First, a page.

1. Keel or Minnow Head
Bolton says this style of head creates resistance as it comes through the water, causing it to rise up or run closer to the surface with less effort and slower retrieves than other head styles.
Where it shines: In situations when the fish are aggressive and the angler wants to burn the bait just under the surface around grass or in clear, open water. Where it doesn’t: Fishing around treetops, bushes or brush piles. “When it hits a limb, the bait has a tendency to roll on its side, and it doesn’t correct itself very quickly,” says Bolton. “This exposes the hook and increases the chances of hanging up.” Examples: Terminator T-1, Strike King Burner
2. Bullet Head
Bolton says baits with a pointed head typically run true, right themselves quickly and come through heavy cover extremely well.
Where it shines: Fishing thick brush, bushes, treetops or grass, mainly because the head design resists wedging in limbs and causes the bait to “come back to center” quickly after contacting cover, which helps it resist hang-ups or fouling.
Where it doesn’t: As good as the head performs in brush, it’s susceptible to wedging in rocks. Examples: War Eagle, Nichols Pulsator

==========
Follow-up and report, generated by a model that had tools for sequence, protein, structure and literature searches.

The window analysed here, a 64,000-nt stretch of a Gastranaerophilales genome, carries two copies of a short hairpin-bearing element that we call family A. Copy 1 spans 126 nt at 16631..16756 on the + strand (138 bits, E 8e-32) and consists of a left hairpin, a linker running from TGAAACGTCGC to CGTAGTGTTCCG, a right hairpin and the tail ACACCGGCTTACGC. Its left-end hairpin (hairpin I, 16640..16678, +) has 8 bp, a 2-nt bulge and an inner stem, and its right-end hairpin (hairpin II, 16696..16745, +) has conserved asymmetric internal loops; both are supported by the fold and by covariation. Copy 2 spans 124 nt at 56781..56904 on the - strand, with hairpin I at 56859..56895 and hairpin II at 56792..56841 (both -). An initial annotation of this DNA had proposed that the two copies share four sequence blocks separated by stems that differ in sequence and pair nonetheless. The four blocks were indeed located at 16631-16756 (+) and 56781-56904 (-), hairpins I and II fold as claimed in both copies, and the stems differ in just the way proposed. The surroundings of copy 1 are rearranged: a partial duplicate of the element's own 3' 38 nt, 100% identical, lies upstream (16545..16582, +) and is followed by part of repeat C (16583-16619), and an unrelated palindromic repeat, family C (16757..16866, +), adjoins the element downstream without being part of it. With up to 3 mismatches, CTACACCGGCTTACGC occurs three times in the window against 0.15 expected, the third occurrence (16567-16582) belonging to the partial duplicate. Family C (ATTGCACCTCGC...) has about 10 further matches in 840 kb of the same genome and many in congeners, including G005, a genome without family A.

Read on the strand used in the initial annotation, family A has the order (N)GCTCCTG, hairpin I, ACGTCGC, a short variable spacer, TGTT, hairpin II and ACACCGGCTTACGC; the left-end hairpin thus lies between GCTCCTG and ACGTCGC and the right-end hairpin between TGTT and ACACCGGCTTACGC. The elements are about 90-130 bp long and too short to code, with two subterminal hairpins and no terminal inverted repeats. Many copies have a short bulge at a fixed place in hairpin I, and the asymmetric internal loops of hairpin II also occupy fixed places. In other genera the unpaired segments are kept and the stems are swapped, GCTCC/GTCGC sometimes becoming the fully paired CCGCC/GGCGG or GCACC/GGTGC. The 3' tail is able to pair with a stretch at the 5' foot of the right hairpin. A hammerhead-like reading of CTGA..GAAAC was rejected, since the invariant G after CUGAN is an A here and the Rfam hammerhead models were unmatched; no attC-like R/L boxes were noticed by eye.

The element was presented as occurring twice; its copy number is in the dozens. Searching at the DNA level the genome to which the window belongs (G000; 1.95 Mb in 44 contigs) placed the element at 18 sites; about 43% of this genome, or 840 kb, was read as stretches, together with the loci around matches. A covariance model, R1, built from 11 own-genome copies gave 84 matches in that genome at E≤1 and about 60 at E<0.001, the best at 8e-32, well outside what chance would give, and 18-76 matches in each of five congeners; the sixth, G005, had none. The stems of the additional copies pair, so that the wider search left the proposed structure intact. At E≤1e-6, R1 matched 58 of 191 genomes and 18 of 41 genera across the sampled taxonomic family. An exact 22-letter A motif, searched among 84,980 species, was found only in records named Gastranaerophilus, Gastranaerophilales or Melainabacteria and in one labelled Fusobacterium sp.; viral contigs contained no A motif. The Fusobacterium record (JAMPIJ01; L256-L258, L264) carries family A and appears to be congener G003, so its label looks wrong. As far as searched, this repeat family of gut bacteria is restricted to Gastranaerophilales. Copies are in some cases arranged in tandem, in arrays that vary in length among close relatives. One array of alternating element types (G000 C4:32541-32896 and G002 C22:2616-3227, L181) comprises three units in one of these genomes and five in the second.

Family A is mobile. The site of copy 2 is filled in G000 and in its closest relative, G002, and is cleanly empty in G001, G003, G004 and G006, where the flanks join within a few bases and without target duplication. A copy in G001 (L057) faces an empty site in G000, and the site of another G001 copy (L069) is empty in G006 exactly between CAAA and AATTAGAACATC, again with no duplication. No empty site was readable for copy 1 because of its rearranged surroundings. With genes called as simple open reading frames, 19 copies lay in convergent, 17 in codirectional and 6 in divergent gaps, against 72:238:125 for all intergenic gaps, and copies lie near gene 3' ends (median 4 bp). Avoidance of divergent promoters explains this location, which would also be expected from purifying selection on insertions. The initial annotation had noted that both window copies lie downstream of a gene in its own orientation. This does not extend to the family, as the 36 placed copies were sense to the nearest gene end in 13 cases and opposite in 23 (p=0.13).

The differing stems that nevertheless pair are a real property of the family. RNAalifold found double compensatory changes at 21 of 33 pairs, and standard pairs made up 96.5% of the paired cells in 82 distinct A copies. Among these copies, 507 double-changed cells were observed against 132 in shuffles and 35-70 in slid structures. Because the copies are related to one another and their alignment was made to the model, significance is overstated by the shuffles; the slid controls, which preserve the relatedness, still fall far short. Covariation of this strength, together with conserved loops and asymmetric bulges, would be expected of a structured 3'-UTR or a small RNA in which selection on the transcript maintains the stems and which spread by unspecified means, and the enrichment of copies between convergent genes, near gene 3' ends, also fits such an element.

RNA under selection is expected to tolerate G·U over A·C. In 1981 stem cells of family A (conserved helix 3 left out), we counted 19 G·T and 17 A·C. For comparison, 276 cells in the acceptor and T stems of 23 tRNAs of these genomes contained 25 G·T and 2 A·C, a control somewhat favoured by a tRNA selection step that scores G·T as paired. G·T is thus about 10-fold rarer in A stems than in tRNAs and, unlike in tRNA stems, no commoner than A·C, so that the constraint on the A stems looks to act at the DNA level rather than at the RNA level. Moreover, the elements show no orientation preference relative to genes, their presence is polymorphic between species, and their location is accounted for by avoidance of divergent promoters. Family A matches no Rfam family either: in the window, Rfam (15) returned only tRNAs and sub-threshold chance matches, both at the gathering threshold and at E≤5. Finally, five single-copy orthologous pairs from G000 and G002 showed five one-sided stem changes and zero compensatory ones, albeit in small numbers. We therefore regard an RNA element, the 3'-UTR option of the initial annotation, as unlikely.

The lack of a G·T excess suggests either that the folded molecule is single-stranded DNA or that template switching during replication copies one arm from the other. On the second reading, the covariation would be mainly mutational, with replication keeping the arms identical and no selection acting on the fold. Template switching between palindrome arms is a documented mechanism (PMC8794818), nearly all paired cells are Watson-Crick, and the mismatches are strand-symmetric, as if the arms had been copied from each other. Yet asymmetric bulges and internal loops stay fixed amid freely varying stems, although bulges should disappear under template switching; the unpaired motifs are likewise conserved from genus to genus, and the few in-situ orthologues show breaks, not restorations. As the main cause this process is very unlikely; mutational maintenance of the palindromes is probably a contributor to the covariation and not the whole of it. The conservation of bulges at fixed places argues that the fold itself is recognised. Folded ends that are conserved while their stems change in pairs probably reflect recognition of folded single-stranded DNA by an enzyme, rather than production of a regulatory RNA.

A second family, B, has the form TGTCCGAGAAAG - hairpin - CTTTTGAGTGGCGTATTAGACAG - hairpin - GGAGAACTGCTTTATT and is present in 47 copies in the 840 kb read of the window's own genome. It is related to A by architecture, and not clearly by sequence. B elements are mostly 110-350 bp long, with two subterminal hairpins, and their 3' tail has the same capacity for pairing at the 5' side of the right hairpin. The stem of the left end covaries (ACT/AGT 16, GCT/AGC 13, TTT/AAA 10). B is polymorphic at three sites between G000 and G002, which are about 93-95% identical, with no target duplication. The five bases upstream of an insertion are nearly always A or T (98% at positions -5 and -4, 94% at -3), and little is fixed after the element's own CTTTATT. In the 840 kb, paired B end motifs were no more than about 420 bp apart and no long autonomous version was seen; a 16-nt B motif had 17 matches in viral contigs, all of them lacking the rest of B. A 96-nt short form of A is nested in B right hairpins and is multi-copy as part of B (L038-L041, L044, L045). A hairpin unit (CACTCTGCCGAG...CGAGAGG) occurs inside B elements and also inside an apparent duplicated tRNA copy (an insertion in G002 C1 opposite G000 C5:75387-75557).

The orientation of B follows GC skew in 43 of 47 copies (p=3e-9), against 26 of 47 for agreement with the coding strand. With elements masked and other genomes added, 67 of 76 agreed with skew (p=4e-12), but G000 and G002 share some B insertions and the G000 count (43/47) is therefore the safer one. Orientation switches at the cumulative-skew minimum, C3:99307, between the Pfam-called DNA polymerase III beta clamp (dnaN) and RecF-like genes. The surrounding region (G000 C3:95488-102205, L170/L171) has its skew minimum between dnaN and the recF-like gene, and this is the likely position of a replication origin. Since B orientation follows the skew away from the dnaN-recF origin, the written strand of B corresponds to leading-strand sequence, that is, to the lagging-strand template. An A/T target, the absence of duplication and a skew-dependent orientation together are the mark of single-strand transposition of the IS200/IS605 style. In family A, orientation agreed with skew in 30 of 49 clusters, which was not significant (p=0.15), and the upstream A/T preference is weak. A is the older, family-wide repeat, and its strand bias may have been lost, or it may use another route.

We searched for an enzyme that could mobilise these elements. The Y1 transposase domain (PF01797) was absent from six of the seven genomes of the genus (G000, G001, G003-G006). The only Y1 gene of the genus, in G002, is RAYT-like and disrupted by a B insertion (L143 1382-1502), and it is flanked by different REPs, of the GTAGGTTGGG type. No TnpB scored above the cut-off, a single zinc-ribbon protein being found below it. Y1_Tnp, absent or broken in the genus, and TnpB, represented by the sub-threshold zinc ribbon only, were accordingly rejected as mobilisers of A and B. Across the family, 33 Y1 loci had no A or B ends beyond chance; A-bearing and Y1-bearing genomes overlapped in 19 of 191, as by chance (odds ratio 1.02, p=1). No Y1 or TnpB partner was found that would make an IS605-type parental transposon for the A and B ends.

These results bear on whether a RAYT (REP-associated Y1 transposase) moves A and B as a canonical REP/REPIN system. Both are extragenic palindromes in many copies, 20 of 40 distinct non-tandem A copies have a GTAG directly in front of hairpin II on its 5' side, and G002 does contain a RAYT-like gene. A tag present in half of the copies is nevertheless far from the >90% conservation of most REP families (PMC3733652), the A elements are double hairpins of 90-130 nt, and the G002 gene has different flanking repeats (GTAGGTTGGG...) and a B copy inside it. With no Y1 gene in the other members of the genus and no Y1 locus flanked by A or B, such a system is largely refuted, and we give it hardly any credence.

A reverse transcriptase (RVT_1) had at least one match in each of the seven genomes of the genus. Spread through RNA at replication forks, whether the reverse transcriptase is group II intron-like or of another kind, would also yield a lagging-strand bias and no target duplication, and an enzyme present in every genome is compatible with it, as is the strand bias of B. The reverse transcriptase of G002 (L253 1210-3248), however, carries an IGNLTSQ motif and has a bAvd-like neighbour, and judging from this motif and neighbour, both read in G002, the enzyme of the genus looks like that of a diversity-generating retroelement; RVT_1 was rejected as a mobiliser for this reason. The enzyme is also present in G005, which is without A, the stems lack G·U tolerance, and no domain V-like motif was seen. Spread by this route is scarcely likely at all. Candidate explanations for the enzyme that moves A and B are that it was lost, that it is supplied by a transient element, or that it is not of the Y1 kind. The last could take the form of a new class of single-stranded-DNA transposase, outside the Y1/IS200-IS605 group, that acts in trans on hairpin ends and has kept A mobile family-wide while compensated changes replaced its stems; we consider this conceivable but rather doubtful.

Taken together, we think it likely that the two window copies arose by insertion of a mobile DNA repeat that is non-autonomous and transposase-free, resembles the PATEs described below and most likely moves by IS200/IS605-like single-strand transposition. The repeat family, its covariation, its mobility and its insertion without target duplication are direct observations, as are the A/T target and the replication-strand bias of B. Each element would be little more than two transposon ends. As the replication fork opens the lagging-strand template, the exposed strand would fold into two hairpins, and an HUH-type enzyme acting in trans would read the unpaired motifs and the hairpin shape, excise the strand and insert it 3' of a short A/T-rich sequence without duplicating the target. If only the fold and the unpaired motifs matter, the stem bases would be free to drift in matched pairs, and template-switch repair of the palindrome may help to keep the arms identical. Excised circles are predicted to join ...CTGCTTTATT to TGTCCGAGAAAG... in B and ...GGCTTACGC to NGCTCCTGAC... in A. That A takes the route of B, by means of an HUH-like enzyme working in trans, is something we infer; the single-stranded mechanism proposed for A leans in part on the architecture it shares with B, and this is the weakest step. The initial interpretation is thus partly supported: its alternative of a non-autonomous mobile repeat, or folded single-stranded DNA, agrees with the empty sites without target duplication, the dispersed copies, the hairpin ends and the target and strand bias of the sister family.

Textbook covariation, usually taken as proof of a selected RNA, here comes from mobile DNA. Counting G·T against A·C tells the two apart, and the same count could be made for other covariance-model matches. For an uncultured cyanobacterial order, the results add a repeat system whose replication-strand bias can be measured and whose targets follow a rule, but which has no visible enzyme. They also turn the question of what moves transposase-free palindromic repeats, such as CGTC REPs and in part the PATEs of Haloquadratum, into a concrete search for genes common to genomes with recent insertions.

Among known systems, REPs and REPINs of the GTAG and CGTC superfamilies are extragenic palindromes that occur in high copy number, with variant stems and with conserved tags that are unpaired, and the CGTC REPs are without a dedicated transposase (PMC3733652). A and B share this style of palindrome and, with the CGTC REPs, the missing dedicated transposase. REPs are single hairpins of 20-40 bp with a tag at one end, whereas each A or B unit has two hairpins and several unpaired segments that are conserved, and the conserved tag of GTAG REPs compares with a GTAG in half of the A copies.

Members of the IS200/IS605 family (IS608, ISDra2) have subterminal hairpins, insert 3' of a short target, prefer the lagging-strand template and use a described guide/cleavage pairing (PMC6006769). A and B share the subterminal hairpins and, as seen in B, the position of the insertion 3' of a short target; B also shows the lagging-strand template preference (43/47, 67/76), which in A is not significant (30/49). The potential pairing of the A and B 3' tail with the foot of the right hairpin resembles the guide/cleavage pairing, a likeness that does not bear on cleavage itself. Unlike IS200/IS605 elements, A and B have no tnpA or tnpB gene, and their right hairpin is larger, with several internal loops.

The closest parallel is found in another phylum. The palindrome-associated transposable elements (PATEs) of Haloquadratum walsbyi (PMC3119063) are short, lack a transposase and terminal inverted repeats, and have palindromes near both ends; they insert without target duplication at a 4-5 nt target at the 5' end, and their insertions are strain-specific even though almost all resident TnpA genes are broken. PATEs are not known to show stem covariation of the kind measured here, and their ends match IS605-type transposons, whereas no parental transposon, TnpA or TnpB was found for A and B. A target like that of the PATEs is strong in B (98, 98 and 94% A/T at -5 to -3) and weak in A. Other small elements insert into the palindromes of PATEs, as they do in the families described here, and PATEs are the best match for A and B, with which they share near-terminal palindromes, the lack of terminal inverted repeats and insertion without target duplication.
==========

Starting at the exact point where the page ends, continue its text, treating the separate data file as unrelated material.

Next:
3. Round or Pill Head
Bolton says this head is wider than most. It’s a good all-around performer that can be used in a variety of situations and cover.
Where it shines: Slow-rolling around rock and stumps on ledges. The wider head is less prone to wedging and doesn’t cut through water as smoothly as other head styles, which allows Bolton to maintain better contact with what the bait’s doing. It doesn’t come through heavy cover as well as a bullet head, but it still gets the job done around brush and grass.
Where it doesn’t: Flooded bushes with lots of small limbs. Examples: Stanley Wedge, Accent